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Customs valuation management needs boarder ‘coat’

19:00 | 30/07/2022

VCN - Customs valuation management is a specific technical field of operation that plays a key role in the management of general and taxes for goods in particular. However, through implementation, customs valuation management system has revealed a number of problems that need to be studied and handled to further improve the efficiency of this work.

Customs valuation management needs boarder ‘coat’
Professional activities at Ha Nam Ninh Customs Department. Photo: H.Nụ

Although the specialized human resources performing valuation tasks from General Department to the branch level are assessed to meet requirements, the model of the customs valuation management structure at the departmental and branch levels is not unified yet.

Some local customs departments do not have officers in charge of evaluation. On the other hand, according to the Import-Export Duty Department (General Department of Vietnam Customs) regulations on the rotation of customs officers in the sector are more or less affecting the effectiveness of valuation management.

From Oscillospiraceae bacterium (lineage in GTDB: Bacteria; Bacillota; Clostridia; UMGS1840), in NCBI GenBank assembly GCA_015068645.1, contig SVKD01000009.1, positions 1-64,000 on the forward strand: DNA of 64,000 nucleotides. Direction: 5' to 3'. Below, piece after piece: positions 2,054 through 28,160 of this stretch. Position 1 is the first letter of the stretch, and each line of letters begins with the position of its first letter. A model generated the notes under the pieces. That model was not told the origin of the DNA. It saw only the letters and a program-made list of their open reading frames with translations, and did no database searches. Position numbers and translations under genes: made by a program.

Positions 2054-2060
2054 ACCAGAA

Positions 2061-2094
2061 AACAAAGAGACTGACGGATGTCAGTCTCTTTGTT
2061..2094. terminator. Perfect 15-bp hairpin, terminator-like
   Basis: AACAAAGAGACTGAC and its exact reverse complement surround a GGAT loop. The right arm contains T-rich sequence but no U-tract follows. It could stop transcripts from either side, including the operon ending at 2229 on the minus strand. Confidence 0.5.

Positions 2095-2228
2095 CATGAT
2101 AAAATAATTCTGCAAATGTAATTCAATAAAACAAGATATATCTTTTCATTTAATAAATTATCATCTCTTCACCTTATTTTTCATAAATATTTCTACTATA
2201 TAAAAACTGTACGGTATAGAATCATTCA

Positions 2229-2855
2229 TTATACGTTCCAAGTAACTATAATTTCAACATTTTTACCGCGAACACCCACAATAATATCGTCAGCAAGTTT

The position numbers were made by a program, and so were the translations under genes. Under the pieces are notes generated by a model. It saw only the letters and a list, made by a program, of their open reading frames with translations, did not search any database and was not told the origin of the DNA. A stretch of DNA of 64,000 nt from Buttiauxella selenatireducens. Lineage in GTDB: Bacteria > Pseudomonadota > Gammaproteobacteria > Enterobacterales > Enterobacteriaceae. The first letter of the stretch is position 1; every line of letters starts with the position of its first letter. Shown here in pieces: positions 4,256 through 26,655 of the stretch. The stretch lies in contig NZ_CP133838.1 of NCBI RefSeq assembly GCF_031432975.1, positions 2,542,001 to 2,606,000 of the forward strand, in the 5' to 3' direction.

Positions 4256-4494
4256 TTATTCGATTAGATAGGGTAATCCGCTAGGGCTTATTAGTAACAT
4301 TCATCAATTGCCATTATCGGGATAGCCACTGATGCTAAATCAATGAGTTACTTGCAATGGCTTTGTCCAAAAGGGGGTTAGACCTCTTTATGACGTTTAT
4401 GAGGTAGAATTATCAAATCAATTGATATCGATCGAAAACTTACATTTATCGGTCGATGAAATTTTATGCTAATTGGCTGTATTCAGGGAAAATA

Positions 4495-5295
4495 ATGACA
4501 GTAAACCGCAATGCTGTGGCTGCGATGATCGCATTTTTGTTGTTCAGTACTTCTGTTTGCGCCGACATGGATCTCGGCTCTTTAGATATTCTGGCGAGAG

Organizational structure

According to the assessment, in the seven years of implementation of the project of improving the capacity of customs in the field of goods classification and customs valuation (referred to as Project 2015), the organizational structure at the affiliated units in the whole Customs sector has been relatively reasonable, covering functions and tasks related to this work at all three levels. Functional parts of the organizational system, the apparatus of customs valuation management, is performing tasks following the provisions of legal documents and current professional guidelines.

The representative of the Import-Export Duty Department noted that the current average age of customs officers in charge customs valuation task at all levels of the General Department is young. They have basic training and experience in policy formulation, some are experts in the valuation field, some have good skills in foreign languages or information technology. In addition, at the local customs department levels, a department-level valuation management division has been established to advise and solve problems, organize consultations (for localities consulted at the Department), monitor valuation work in the whole department; organize post-clearance audit on valuation, risk management, investigation and verification. Notably, at the customs branch level, customs officers in charge of customs valuation task are also training to meet the needs of cargo clearance.